The outbreak in Kerala of Nipah virus, a zoonotic disease that is usually transmitted to humans from fruit bats, could be the result of human-to- human transmission, epidemiologists and virologists who are now investigating this matter said.
Preeti Sudan, Union health secretary, who is receiving regular updates of the situation, said: “it could be a case of human-to-human transmission but it is too early to confirm that as our expert team has just reached the spot, and will take about a day or two to submit its report.”
Sudan added “We have sent samples for checking to the National Institute of Virology (NIV) in Pune and expect the results to help us understand better the exact nature of transmission.”
Investigation of the source of the Nipah virus, following the NIV’s confirmation of the death of three people in Kerala, is being done by the National Centre for Disease Control (NCDC), a team of which is now in the affected areas.
Dr Promila Gupta, director general health services (DGHS) said “Our initial investigation says people have died due to respiratory distress syndrome that damaged their lungs. We are conducting a detailed investigation and should know soon what exactly the situation is on ground.”
“Whether it was a single source infection or one of the three dead got infected and infected others is difficult to tell and needs to be investigated. Our focus will be to find out the source of spread,” said a team member to the media but requested anonymity as he is not authorised to speak to the media.
A 19-year old woman and a 1.5-year-old child have been admitted in the Amrita Institute of Medical Sciences (AIMS) in Kochi. Doctors are suspecting that they both have been infected by the Nipah virus. Doctors are also suspecting that human to human transmission had happened in these cases because they both were in physical contact with the three who died of the disease as has been confirmed by NIV.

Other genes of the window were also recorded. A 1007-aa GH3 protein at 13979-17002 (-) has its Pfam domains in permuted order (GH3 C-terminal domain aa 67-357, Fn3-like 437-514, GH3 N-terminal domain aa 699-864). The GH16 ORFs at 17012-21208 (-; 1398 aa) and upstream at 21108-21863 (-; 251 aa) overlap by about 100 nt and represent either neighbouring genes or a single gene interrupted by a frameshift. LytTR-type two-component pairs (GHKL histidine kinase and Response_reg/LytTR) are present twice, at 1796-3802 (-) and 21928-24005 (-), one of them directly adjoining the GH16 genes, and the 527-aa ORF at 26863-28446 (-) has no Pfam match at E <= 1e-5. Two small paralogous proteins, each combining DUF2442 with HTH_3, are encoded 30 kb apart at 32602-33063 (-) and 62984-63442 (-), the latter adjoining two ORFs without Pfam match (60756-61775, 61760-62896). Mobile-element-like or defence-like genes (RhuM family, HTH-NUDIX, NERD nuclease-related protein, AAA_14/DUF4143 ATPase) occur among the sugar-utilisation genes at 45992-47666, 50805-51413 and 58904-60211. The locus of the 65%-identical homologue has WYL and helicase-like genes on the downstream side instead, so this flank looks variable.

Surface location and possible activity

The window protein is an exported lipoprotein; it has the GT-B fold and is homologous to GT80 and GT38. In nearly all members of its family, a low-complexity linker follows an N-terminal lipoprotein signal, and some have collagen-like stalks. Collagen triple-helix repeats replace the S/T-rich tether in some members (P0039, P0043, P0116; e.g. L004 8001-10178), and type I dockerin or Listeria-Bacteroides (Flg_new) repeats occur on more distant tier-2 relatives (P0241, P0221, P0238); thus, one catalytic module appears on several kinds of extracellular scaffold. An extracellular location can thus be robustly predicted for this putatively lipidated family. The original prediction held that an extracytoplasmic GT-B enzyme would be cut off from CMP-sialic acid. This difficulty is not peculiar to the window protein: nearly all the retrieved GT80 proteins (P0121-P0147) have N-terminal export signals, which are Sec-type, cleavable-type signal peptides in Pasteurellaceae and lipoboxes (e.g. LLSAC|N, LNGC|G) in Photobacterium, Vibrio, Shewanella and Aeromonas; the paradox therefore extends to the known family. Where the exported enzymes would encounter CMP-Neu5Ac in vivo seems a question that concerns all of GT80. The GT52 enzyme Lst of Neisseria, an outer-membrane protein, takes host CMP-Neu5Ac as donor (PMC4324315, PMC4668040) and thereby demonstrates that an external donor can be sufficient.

Dr Sanjeev Singh, medical director, AIMS, Kochi said “the woman’s fiancée has died of Nipah so she has a history of close contact and the child suffers from a congenital heart defect because of which he was admitted in the same hospital ward as one of the dead. The reports for both so far are negative but as the incubation period is 18 days, we might send samples for repeat testing.”
The woman had symptoms of fever and cough along with headache, nausea and tiredness. Her fiancé and his brother are among those confirmed dead due to unknown virus.
Although she did not have the symptoms yet, but as a precautionary measure, the woman has been kept in an isolation ward and even the doctors treating her are avoiding direct contact with her.
Dr Singh said, “there appears to be human-to-human transmission as the high infection rate suggests. It is unlikely that so many people will eat the same food or drink same water.”
(Adapted from TheHindustanTimes.com)